Yet, on March 17, the EU under the current Slovenian presidency unanimously adopted the Ljubljana Declaration and ruled out an Olympics boycott arguing that the Dalai Lama himself has not ‘spoken out against a boycott’. For observers of EU affairs, the Ljubljana Declaration seems to be partly vague and open to multiple interpretations, leaving many questions unanswered. Firstly, though the declaration states that a boycott could “signify actually losing an opportunity to promote human rights,” it does not spell out how the EU is going to promote human rights by participating in the Beijing Olympics or what would be its position on Tibet after the Olympics. Similarly, when the declaration articulates that the “boycott could, at the same time, cause considerable harm to the population of China as a whole,” it leads to the plausible interpretation that a hypothetical boycott would actually play havoc on the Olympic industry in which Chinese and Western companies have ploughed a lot of investments – something that EU countries do not seem to wish to risk.

    A basic fact needs to be highlighted here. The EU remains China’s most important trading partner; European exports to China in 2006 were worth about US $63.3 billion. Though there is resentment in Europe about the trade imbalance and lack of protection for intellectual property rights in China, the general trend has been one of major European leaders visiting China and signing huge trade deals and agreements to channel foreign direct investments into the fastest growing economy in the world. The EU’s response to developments in Tibet has to be seen against this backdrop.

    For instance, last year, when Angela Merkel received the Dalai Lama at her Berlin office in a rare gesture, German industry expressed fears that it would actually pay the price for the Chancellor’s honest gesture. In the wake of the recent Tibetan protests, domestic opinion in Germany has been totally in favour of preserving Tibetan culture and the German government has demanded transparency from the Chinese side. In protest against Beijing’s handling of the issue, the German Federal Ministry of Economic Development and Co-operation has suspended talks with its Chinese counterpart. However, it is more than likely that the German response will be confined to such symbolic gestures. As Matthias Nass has pointed out in Die Zeit, “nobody wants to antagonise China” because of the need for its co-operation on a range of issues, including international terrorism, Iran and North Korea, as well as because of its mammoth foreign currency reserves.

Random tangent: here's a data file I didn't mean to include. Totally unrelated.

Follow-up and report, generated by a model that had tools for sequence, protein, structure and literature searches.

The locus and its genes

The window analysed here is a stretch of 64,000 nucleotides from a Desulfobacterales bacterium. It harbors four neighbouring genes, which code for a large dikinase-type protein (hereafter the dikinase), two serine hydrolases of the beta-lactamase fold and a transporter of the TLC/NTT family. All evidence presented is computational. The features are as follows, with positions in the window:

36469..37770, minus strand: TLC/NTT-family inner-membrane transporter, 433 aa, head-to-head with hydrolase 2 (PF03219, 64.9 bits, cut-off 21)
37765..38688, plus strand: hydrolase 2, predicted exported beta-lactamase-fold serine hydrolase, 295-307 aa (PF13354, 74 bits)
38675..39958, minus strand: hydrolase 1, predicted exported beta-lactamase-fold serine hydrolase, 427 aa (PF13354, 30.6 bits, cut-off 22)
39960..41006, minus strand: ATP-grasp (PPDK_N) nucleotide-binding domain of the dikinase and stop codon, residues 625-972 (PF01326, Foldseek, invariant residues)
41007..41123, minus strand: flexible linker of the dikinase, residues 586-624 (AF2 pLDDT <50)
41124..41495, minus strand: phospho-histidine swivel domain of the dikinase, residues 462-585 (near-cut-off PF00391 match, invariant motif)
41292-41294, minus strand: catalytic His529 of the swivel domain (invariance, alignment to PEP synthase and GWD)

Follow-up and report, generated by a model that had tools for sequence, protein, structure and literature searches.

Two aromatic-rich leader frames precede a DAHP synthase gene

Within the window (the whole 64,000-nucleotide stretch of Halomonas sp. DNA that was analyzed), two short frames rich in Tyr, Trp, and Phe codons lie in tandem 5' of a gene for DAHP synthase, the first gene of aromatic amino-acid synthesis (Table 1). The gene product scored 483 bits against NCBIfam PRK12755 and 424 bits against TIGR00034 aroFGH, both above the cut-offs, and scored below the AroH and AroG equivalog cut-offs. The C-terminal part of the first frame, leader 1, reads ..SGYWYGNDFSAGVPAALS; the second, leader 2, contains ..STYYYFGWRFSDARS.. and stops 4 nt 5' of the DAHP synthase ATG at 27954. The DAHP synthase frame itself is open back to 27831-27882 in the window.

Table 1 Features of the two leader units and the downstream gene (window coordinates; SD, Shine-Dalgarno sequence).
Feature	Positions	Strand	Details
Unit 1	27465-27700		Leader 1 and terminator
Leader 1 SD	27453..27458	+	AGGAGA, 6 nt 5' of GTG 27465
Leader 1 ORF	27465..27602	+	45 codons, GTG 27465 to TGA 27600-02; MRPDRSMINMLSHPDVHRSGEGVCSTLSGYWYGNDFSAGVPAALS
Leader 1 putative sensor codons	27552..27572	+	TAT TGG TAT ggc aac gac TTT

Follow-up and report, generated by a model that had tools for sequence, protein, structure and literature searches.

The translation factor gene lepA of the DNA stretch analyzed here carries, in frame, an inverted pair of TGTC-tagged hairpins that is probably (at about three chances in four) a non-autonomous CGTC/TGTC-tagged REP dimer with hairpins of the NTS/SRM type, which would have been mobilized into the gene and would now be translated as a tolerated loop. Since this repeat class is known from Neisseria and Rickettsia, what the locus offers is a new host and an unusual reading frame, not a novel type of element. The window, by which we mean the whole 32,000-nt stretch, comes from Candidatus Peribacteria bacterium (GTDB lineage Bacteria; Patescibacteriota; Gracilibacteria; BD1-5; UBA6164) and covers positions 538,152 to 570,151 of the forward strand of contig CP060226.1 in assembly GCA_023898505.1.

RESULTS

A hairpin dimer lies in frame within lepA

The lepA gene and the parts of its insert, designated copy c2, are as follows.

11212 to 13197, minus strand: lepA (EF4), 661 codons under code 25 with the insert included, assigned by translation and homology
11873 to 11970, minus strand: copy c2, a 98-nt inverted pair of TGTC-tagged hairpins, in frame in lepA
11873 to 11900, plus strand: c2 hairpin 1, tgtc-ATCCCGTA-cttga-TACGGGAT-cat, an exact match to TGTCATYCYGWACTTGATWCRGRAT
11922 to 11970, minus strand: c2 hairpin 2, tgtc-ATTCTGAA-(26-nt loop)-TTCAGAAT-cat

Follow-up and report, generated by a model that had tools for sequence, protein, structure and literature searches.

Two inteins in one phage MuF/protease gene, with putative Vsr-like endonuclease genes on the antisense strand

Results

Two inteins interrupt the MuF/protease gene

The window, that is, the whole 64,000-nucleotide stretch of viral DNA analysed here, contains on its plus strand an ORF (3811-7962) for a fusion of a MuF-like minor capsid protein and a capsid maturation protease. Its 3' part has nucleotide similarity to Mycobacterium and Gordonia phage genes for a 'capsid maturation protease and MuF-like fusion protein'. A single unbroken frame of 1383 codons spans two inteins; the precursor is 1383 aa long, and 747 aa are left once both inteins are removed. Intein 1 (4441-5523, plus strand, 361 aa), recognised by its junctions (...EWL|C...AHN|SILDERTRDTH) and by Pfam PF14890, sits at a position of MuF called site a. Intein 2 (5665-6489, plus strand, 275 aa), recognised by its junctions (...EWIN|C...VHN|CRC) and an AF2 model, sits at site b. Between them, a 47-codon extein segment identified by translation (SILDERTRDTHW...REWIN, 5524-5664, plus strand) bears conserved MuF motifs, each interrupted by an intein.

Given the consensual nature of EU’s foreign policy making, a decisive common EU position on Tibet cannot be expected soon. Major European countries will announce their positions, after which the EU would shape its own collective position. This, in any case, will follow intense debate and closed-door negotiations. Going by the restrained responses of major European powers so far, it is more than likely that the EU’s trade interests will trump the cause of Tibet.